I thought the state fire marshal sent the wrong guy to speak to the commission - Ed Salazar is a lawyer, not a fire investigator, and his testimony was full of weasel words that the scientists' testimony avoided and later debunked. When an actual arson investigator from the office briefly was called up to answer questions, he much more clearly spoke the language of the scientists on the panel, who appeared frustrated with Salazar's rather brazen portrayal of outdated indicators as probative in the face of denials by the top minds in the fire science field. Salazar admitted he "can't defend the lack of specificity" in the arson investigators' reports, but stood by them anyway, claiming it all boiled down to a "judgment call." It wasn't lost on commissioners, though, that this was a lawyer's argument, not a scientist's opinion.
As Dave Mann's Observer coverage makes clear, the state fire marshal's circle-the-wagons mentality embarrassed themselves and the state. It was really pretty grim. Asked his view of the state fire marshal's continued backing of debunked investigative techniques, DeHaan understatedly declared, “I was dismayed to see that interpretation. It was dismaying to see that all we’ve tried to do in the intervening 15 years didn’t make much difference.” Rather than "dismayed," the word I would have chosen would be that they "disgraced" themselves and the Lone Star state. It's one thing to claim the investigation met standards at the time (though a credible case was made that it did not), but it's quite another to say Texas arson investigators would still make the same finding today. Disgraceful. You're Texans, for Godssake! When you're wrong, stand up like a man and take your lumps. For reasons Mann makes clear, it's obvious the state fire marshal remains in a collective state of denial.
The testimony by fire expert Dr. Craig Beyler and his back and forth with Bradley and other commissioners finally illuminated for me the fundamental critiques of the Willingham fire investigation more clearly than any of the news reporting on the topic. Here's the crux: In the child's room where the fire clearly started, rather than assess the debris in the room, investigators shoveled it out into the yard where it was hauled off as garbage. They did so because their training was to look for pour patterns underneath the debris, but even by standards of the day, said Beyler and DeHaan, they should have at least looked though electrical appliances in the debris to rule them out as causes. They did check wiring in the walls, but that is very rarely the cause of electrical fires, which usually result from something plugged into the outlet, not the wall's wiring itself. That's exactly the type of evidence that was shoveled out the window into the yard and never evaluated. When Commissioner Jean Hampton asked DeHaan if the failure to excavate and evaluate that evidence was "negligent" by 1991 standards, he said "Yes."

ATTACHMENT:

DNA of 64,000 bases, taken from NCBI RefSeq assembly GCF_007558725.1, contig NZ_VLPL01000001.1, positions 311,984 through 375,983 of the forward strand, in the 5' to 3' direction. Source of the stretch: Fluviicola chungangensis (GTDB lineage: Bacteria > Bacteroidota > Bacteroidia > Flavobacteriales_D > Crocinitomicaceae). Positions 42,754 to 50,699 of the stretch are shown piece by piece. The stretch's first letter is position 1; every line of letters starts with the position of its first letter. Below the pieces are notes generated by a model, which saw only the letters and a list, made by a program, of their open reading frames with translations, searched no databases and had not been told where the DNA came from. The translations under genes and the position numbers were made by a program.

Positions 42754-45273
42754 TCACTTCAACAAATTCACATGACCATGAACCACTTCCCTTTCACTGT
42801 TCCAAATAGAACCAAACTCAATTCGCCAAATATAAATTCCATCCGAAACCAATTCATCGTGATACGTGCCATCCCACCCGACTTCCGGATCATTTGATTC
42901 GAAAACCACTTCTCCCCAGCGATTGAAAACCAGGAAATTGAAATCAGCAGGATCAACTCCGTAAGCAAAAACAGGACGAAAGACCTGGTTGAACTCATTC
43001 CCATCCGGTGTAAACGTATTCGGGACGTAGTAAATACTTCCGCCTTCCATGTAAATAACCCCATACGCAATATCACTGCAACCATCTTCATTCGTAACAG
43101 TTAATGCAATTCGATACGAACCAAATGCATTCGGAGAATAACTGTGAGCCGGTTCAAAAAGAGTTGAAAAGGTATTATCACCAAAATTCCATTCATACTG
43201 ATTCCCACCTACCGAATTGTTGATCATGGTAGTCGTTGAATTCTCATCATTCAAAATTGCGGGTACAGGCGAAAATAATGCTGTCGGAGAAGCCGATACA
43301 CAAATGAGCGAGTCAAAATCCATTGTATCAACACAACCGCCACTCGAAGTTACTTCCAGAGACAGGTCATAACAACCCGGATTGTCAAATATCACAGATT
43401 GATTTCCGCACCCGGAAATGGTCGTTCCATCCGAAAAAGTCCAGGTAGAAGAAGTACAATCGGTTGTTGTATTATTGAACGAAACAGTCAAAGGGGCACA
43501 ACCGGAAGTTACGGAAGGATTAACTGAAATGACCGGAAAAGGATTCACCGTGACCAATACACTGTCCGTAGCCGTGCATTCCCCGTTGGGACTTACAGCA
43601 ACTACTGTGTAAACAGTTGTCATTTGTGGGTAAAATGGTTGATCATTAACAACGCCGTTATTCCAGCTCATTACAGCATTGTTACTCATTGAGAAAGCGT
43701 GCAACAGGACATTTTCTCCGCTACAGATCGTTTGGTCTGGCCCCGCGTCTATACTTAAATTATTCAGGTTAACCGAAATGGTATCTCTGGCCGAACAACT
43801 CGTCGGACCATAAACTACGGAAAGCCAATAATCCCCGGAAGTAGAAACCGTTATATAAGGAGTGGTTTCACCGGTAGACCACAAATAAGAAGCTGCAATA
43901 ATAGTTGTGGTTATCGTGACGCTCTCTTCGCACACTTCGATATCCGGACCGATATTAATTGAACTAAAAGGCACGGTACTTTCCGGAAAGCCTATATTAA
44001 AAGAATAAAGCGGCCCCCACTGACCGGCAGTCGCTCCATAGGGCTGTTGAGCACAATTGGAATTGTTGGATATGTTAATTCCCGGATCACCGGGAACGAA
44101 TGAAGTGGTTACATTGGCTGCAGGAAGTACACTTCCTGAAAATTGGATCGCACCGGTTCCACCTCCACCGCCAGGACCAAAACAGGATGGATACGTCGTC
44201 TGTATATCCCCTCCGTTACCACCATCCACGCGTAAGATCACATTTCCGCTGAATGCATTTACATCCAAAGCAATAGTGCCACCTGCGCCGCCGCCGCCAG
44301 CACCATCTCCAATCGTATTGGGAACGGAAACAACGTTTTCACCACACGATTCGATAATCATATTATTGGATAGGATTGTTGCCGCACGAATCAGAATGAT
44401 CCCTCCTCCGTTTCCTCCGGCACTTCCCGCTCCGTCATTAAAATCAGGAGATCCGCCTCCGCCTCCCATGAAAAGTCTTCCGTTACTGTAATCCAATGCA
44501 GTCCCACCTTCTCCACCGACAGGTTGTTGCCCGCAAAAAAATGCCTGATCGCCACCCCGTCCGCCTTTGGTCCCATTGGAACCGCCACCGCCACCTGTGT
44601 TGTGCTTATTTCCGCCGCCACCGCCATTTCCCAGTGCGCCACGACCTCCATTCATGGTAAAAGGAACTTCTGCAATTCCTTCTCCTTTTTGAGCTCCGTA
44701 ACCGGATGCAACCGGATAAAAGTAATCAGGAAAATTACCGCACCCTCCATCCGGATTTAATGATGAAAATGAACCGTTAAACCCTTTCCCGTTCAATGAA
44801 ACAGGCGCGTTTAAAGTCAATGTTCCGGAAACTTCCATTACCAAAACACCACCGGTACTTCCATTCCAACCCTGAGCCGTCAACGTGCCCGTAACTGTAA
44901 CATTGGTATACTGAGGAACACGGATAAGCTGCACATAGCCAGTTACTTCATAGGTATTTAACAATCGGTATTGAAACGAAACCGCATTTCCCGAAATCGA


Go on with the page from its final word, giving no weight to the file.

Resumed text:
Beyler said there were three primary flaws with the original investigation, which he and DeHaan insisted should have resulted in an "undetermined" outcome instead of a finding of arson. First, they ignored plausible alternative hypotheses, when basic arson investigative techniques even at the time required eliminating all accidental or natural causes before issuing an "arson" finding. Second, the hypothesis suggsted by the arson investigator - that Willingham doused the child's room with accelerant, which he then trailed down a long hall to his doorway and lit like a fuse - was contradicted by unrebutted eyewitness testimony: someone who saw Willingham on the porch with smoke coming from the back of the house but not yet in the doorway or hall behind him. While other hypotheses might have been developed if all the key evidence hadn't been shoveled into the garbage, Beyler said heatedly toward the end of the day in rebuttal to the state fire marshal, the hypothesis actually presented at Willingham's capital murder trial could not be supported without explaining away the eyewitness testimony.